Remembrances
3:00 pm
Fri August 10, 2012

David Rakoff Saw The World In All Its Dark Beauty

David Rakoff, the author of Half Empty, Don't Get Too Comfortable and Fraud, was a frequent contributor to This American Life. He died Thursday at the age of 47.
Larry Busacca Getty Images

Originally published on Fri August 10, 2012 5:04 pm

When writer David Rakoff died Thursday at the age 47, he was barely the age he said he was always "meant" to be. In his 2010 memoir, Half Empty, he wrote, "Everyone has an internal age, a time in life when one is, if not one's best, then at very least one's most authentic self. I always felt that my internal clock was calibrated somewhere between 47 and 53 years old."

Rakoff died in New York City after a long struggle with cancer — an ordeal that he wrote about with sobering honesty and biting wit.

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The Torch
2:46 pm
Fri August 10, 2012

U.S. Men's 400m Relay Team Claims Silver, As Bahamas Win Gold

Ramon Miller (left) of the Bahamas crosses the finish line ahead of Team USA's Angelo Taylor to win the 4x400m relay gold medal at the London 2012 Olympics.
Alexander Hassenstein Getty Images

Originally published on Fri August 10, 2012 3:18 pm

The Bahamas men's team has won the 4x400m relay, edging past a surprisingly quick U.S. team to take the gold medal. It was the first gold medal for any male athlete from the Bahamas. The quartet ran a time of 2:56.72, setting a national record. The U.S. set a season best of 2:57.05 to take silver.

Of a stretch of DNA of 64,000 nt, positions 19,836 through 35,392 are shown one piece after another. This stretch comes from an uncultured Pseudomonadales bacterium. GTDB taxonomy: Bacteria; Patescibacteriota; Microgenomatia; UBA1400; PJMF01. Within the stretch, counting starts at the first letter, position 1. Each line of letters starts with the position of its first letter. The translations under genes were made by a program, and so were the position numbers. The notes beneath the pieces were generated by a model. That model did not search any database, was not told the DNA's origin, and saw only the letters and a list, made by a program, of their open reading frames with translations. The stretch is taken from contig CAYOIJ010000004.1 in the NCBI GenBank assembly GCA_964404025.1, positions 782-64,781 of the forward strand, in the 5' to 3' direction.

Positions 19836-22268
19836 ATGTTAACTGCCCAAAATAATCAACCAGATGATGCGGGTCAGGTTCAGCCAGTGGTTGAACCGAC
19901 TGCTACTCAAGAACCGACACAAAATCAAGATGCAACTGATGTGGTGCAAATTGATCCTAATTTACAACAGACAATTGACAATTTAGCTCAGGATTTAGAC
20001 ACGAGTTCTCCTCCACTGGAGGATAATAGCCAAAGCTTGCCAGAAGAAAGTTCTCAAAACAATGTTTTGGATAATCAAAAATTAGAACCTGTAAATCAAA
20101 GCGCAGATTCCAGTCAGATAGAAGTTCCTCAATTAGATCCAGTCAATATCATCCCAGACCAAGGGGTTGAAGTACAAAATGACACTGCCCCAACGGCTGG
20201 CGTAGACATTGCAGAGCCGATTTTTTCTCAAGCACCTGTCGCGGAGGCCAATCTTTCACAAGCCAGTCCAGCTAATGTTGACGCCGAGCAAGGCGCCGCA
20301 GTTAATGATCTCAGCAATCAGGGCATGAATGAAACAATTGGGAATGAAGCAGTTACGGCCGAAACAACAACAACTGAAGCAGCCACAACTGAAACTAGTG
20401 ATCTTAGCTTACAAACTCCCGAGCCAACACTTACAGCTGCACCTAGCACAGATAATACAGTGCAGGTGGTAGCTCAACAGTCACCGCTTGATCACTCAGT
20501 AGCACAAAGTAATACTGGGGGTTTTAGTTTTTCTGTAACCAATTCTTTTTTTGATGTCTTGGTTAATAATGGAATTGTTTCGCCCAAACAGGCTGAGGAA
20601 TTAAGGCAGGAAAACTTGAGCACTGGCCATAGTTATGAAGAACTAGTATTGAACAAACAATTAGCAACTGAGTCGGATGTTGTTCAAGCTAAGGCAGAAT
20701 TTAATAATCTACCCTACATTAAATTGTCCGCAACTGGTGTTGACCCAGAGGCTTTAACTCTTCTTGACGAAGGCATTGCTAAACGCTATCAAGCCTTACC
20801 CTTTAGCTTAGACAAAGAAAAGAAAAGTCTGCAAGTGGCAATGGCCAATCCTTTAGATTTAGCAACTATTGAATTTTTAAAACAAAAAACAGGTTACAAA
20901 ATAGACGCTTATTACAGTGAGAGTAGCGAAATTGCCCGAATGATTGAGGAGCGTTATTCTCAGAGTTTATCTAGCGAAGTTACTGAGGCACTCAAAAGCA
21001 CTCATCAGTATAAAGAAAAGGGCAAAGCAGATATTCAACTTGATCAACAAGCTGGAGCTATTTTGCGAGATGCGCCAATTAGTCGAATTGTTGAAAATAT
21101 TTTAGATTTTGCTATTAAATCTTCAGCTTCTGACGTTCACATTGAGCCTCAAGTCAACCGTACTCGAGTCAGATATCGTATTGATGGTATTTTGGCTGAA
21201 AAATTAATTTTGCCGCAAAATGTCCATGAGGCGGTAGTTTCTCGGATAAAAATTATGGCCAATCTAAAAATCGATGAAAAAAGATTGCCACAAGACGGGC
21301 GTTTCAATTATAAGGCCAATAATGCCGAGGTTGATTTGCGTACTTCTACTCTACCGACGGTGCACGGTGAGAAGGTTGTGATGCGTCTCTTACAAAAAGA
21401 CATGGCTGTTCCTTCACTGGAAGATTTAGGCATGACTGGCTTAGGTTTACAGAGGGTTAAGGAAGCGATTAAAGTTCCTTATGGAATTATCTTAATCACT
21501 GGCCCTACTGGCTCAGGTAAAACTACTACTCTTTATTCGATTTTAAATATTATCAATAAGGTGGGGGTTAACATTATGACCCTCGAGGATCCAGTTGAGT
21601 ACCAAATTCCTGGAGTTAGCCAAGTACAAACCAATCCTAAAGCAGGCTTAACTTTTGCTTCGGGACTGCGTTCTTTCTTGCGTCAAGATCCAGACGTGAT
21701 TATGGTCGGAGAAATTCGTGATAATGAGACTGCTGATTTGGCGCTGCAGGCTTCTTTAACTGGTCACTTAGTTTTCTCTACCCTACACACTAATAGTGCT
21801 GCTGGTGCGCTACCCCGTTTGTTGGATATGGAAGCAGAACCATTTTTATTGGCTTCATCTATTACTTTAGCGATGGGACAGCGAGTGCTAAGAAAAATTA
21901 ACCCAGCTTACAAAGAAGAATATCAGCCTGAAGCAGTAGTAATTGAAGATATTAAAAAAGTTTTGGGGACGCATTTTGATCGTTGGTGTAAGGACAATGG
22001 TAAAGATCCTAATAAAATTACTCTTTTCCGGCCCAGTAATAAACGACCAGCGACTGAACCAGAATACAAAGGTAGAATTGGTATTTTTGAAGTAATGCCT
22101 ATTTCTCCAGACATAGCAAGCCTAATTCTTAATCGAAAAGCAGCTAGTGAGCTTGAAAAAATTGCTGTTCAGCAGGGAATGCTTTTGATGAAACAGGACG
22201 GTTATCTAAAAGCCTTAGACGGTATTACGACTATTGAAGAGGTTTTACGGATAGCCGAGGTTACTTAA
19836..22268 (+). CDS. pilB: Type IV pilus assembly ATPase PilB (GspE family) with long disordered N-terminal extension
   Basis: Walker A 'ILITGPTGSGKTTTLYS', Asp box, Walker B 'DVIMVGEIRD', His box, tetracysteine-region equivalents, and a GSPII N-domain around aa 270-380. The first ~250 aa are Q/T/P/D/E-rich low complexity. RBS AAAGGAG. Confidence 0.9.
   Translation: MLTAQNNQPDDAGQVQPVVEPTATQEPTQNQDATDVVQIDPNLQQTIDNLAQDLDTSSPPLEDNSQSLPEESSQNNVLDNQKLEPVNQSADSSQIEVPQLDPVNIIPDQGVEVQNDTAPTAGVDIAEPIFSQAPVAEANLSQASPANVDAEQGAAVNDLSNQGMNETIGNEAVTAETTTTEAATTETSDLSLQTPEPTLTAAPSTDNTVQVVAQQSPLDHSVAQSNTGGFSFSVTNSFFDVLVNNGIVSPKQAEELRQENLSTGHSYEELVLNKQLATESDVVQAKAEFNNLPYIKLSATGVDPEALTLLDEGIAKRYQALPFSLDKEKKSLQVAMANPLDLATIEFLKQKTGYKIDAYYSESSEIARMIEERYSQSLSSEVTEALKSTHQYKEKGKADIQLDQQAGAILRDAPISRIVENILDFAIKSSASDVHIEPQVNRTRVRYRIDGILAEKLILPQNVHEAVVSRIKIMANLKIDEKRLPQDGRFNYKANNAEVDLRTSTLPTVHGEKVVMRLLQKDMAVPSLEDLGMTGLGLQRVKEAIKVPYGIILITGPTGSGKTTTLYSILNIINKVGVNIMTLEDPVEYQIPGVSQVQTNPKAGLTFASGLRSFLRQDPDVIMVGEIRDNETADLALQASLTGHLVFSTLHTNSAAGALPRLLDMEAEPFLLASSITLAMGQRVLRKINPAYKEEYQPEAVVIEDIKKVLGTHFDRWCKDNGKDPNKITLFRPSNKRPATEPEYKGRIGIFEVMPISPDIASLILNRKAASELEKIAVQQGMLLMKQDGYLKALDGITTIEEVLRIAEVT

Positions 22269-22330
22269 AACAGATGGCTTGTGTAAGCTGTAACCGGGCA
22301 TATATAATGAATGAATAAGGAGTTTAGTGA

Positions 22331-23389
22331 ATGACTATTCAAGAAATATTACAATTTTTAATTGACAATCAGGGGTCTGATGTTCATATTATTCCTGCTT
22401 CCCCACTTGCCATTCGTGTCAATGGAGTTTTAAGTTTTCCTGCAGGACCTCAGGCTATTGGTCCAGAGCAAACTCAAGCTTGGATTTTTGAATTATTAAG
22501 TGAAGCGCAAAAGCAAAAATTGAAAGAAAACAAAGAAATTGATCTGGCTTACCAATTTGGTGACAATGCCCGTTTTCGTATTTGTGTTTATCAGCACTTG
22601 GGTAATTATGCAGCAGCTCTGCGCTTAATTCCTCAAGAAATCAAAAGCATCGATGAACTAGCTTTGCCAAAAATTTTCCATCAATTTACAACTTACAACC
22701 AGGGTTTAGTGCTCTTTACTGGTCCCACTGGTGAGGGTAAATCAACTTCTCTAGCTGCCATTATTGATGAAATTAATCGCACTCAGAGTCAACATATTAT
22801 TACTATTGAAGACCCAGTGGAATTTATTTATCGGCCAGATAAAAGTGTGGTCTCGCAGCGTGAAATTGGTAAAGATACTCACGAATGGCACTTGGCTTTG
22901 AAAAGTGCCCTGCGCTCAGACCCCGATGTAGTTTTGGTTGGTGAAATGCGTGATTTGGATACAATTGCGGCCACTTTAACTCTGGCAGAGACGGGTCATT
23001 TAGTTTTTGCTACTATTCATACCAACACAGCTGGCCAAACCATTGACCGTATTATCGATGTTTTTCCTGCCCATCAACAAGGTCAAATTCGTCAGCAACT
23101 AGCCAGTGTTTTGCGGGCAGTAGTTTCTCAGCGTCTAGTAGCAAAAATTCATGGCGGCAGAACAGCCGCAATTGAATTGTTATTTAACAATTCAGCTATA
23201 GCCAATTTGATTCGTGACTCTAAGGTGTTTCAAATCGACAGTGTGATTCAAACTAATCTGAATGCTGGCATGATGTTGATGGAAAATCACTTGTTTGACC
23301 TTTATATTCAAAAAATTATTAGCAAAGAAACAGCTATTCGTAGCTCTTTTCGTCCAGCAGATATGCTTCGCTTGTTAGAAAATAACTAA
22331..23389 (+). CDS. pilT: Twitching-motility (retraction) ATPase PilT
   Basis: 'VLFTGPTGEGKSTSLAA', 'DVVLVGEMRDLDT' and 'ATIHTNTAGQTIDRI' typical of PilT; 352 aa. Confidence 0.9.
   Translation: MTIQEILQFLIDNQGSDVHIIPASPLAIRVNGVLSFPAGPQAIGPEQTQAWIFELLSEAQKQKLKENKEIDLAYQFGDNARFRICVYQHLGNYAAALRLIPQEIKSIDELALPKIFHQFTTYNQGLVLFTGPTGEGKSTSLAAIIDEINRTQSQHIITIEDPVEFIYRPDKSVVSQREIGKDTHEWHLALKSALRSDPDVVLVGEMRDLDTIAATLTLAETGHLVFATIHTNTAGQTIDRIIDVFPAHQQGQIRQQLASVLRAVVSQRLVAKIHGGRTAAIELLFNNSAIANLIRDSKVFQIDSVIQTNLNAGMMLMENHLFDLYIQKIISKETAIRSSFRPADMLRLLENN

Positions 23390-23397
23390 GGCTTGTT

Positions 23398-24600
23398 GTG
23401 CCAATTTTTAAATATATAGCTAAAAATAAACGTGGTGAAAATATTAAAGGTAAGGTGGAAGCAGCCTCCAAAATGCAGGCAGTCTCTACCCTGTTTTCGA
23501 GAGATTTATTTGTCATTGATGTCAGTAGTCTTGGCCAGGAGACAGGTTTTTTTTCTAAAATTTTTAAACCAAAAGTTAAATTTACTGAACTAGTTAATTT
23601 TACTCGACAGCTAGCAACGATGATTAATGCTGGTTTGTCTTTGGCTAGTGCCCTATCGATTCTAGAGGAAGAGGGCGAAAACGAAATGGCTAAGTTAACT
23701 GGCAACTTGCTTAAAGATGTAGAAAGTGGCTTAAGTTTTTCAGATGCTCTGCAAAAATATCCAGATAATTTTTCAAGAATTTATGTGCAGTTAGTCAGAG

Trinidad and Tobago took the bronze medal, just ahead of Great Britain.

The Bahamas led the race after the first lap, with the U.S. running in second. And the two teams' runners stayed ahead of the pack, extending their lead to make it a two-team race.

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Middle East
2:40 pm
Fri August 10, 2012

Sunni Cleric Rises To Challenge Hezbollah In Lebanon

Sheik Ahmad Assir speaks to supporters at a tent encampment set up in protest against Hezbollah in Sidon, Lebanon. He accuses the Islamist militant group of using resistance against Israel as a smokescreen for another aim: advancing Iranian regional hegemony.
Mohamad al-Baba NPR

Originally published on Sun August 12, 2012 7:45 am

On a recent day, baffled motorists honked their horns and veered around the blocked entrance to a major street in Sidon. Now Lebanon's third-largest city, Sidon was once a flourishing Phoenician city-state on the Mediterranean.

The street was closed off by Sunni cleric Sheik Ahmad Assir, who erected a small tent encampment in protest against the country's most powerful military and political force, the militant Islamist group Hezbollah.

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U.S.
2:38 pm
Fri August 10, 2012

Puedes Believe It? Spanglish Gets In El Dictionary

Spanglish, a mixture of English and Spanish, has been spoken for more than a century. A sign in Spanglish advertises a yard sale in Los Angeles in 2009.
Aurelio Jose Barrera Landov

Originally published on Fri August 10, 2012 3:47 pm

The Royal Spanish Academy — the official arbiter of the Spanish language — recently announced that it will add the word "Espanglish" to the 2014 edition of its dictionary. This is a big deal for the traditionally conservative academy, and it's a big deal for supporters who feel that mix of Spanish and English has officially been ignored for more than a century.

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Monkey See
2:26 pm
Fri August 10, 2012

Can NBC Get Its Fall Shows Into The Olympic Spotlight?